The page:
As is the custom in Chinese restaurants, at the end of our meal, the waitress brought the traditional fortune cookies to all six of us.
Trouble was, my cookie came without a fortune! First time ever!
What am I to make of this oversight? Was this some ill omen, or just a case in which some minimum-wage employee was distracted from including a fortune in my cookie?
But there I sat, a man without a clue as to his future fortune, while my companions read their fortunes aloud.
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I momentarily considered the possibility of obtaining a federal grant to learn why some fortune cookies come without fortunes. But, considering the bureaucratic paperwork that would be involved, I decided to explore the fortune cookie phenomenon on my own.
First, let us not take fortune cookies lightly. Remember, Mrs. Ronald Reagan allegedly consulted a fortune teller for tips on how to run the government, passing them on to the president. The three of them did a pretty good job of it for eight years.
Ironically, fortune cookies are an American invention. Restaurants in China do not engage in such superstitious tomfoolery.
Fortune cookies are much like horoscopes. An amazing number of people anchor their hopes on the predictions of good things to come.
When I was editor of The Raleigh Times, if we accidentally omitted the horoscope column, the newspaper switchboard would light up like a Christmas tree with calls from angry subscribers.
As I began writing this column, I walked through the kitchen and spotted a fortune cookie lying on the counter. My wife, incurious about her cookie’s message, had brought it home.
She broke open the cookie and read the message: “Po said the dumpling you desire feels the same about you.” A true skeptic, I did not cross-examine her about the other “dumpling” in her life.
According to The New Yorker magazine, Wonton Foods of New York is the world’s largest manufacturer of fortune cookies, churning out 4 million cookies daily, supplying 40,000 Chinese restaurants.
Wonton employs a small number of employees to write fortunes. So if you have long held a desire to be published, you might apply for a job at Wonton Foods.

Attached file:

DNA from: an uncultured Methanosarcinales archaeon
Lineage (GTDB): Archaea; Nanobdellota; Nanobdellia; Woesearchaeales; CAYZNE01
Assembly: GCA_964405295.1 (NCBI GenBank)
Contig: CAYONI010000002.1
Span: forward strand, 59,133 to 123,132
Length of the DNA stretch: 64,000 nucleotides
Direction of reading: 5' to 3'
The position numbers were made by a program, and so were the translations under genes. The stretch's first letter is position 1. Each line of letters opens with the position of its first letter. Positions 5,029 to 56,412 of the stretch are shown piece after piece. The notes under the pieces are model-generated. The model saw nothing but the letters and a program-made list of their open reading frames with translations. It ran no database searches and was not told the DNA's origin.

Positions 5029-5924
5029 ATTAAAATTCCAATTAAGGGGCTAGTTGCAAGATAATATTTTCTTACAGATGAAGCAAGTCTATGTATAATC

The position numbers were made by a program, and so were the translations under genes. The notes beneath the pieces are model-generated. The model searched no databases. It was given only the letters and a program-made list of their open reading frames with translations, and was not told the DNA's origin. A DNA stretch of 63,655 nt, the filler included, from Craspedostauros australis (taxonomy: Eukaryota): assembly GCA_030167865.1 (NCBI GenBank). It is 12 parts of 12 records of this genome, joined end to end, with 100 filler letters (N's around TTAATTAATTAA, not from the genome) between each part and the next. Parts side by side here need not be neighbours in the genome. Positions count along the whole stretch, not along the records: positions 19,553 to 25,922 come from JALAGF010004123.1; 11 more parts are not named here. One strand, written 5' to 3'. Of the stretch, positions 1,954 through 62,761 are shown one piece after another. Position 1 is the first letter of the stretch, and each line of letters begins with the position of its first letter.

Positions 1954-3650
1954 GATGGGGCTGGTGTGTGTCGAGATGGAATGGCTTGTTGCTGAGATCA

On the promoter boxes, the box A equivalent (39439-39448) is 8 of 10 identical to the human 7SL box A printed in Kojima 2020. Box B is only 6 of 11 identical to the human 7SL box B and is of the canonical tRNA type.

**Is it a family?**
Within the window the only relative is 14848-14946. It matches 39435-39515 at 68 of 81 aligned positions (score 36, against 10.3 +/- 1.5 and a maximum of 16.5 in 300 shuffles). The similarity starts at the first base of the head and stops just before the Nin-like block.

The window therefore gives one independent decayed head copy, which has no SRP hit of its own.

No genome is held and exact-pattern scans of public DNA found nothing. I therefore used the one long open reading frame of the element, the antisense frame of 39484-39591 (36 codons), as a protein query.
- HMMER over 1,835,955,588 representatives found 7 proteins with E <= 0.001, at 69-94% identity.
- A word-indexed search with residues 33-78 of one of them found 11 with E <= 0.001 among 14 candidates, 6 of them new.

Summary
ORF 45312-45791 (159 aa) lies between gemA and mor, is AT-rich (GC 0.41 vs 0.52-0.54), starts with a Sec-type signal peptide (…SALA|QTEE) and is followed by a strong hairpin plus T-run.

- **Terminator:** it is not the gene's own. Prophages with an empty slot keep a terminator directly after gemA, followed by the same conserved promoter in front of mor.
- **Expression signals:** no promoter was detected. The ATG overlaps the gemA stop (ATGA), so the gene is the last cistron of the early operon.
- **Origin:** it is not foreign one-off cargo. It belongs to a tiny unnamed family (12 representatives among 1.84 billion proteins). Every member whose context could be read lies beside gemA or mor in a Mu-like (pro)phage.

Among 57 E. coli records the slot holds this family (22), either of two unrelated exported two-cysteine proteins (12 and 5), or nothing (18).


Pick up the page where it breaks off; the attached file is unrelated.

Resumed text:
We like fortune cookies because they usually contain encouraging predictions of good things to come. But as we who have mileage on our longevity speedometers know, we pretty much write our own fortunes.
Some folks believe our fortunes are already written in the stars, although Shakespeare argued, “The fault, dear Brutus, is not in our stars, but in ourselves that we are underlings.”
Poet Carl Sandburg wrote that “The fog comes on little cat feet.”
Although no poet, I say that winter slithers in on old snakes’ bellies.
When winter comes, I think of our late friend, Dr. Tom Parramore, historian, author and longtime history prof at Meredith College.
Tom was once attending a poetry workshop for history teachers when the instructor ordered the attendees to write an on-the-spot poem on some historical event.
Tom looked around the public school classroom and spotted on a wall the traditional portraits of George Washington and Ben Franklin and came up with this jewel:
Wrote Ben to George,
“Was Valley Forge
So cold as froze the privates?”
Wrote George to Ben,
“My own were then
Reduced by half to five-eights.”
The eleventh plague?
Is there no limit to their repertoire of vandalism? I’m speaking of the pesky squirrels, of course.
Reader Roy High of Cary implores me to come up with a solution to to his problem.
He had three handsome camellia bushes in full bud. But for some reason, they never seemed to bloom.
Then recently he saw several squirrels emerging from the camellia plants munching camellia buds. He quickly harvested the remaining buds and brought them into the house to bloom.
“They have also been eating my expensive deck and patio chairs, climbing trees and running on top of the house as well as digging holes all over the yard,” Roy wrote. “And, by the way, it looks as if their numbers have doubled from last year when we had around 20.”
I had to tell Roy that I had no panacea for this plague outside of renting a hawk or two.
Remember the Biblical account of the ten plagues that God visited upon Pharaoh, forcing him to let His people go? Can you name them?
Anyway, they were: water changed to blood, frogs, gnats, flies, death of livestock, boils, storms, locusts, darkness and death of first borns.
I sometimes wonder if the eleventh plague He held in reserve was squirrels.
Snow: 919-836-5636; firstname.lastname@example.org